Dementia’s Earliest Signs May Be Apparent Long Before Old Age, Study Finds

The most unwelcome sign of aging, cognitive decline, may begin as young as 45, researchers found.

Scores on memory, reasoning and fluency tests fell starting in the mid-to-late 40s in a study of more than 7,000 U.K. government workers, said researchers led by Archana Singh-Manoux at France’s Centre for Research in Epidemiology and Population Health in Villejuif, near Paris. The findings were published online today in the British Medical Journal.

The deterioration became more dramatic as people aged, the researchers found. Pinpointing when cognitive decline begins is important because treatment is more likely to work when memory and reason first start to wane, they said. Most dementia studies focus on people 65 and older and future research should look at younger groups, wrote Francine Grodstein, an associate professor of medicine at Brigham and Women’s Hospital in Boston, in an editorial accompanying the study.

“This finding potentially has profound implications for prevention of dementia, and public health,” Grodstein said. “Efforts to prevent dementia may need to start in adults as young as 45.”

Scientists in the U.K., France and the U.S. followed 5,198 men and 2,192 women participating in the Whitehall II study, a health-research project so called because those recruited worked at government offices in and around Whitehall in London.

Vocabulary Tests

All the office workers were between 45 and 70 when the cognitive study began. Over a decade, the participants were tested three times on memory, reasoning, vocabulary and fluency.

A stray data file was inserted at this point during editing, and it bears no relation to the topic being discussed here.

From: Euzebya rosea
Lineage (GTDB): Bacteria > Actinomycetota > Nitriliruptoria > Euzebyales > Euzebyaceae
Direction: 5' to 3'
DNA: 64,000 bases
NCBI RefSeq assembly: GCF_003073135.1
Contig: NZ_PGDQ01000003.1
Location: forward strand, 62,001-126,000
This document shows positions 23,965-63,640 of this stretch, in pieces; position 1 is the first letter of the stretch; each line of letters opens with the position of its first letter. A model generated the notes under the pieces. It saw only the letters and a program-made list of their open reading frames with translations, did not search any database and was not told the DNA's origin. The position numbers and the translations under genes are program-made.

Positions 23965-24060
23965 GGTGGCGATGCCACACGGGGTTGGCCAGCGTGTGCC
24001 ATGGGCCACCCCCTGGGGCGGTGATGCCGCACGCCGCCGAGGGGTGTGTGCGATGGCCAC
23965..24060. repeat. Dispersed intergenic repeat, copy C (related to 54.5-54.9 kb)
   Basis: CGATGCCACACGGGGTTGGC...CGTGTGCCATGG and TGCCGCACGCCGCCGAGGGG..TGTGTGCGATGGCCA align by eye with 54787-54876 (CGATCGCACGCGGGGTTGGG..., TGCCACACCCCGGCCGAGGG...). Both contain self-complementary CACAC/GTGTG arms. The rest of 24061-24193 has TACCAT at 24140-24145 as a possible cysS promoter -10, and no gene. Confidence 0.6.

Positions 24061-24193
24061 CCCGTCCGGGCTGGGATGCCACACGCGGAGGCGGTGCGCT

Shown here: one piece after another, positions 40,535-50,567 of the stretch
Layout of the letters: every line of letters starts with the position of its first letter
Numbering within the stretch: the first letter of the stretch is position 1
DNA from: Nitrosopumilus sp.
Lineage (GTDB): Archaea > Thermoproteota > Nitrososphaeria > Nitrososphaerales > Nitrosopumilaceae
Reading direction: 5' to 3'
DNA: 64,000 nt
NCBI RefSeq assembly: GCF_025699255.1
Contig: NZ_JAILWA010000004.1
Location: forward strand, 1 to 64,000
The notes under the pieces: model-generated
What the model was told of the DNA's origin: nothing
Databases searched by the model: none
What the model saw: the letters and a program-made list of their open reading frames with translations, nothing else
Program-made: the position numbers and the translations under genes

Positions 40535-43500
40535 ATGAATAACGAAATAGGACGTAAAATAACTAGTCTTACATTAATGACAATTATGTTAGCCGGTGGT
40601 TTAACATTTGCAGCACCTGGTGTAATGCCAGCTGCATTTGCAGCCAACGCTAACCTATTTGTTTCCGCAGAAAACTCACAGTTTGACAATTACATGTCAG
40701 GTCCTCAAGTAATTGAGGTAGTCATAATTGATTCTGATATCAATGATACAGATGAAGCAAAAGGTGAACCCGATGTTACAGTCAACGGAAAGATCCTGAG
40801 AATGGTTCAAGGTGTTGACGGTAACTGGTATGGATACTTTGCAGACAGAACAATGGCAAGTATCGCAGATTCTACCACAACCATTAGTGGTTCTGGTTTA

For men and women ages 45 to 49, reasoning declined 3.6 percent over a decade, the study found. Men ages 65 to 70 experienced a 9.6 percent drop, while women in that age group had a 7.4 percent decrease, the researchers said. Vocabulary was the only area where test scores didn’t fall, they said.

The findings may not apply to the general population, since Whitehall II participants are mostly men and mostly white-collar workers with fairly stable jobs, the researchers said. Further study is needed, they said.

Life expectancy continues to increase, and understanding cognitive aging will be one of the challenges of this century,” the researchers wrote. “Better understanding of both adverse and healthy cognitive aging trajectories might help the identification of early risk factors,” which may include obesity and cardiovascular disease, they said.

The study was funded by the European Science Foundation, the U.S. National Institutes of Health, the BUPA Foundation, the Academy of Finland, the U.K. Medical Research Council and the British Heart Foundation.

To contact the reporter on this story: Kristen Hallam in London at khallam@bloomberg.net

To contact the editor responsible for this story: Phil Serafino at pserafino@bloomberg.net

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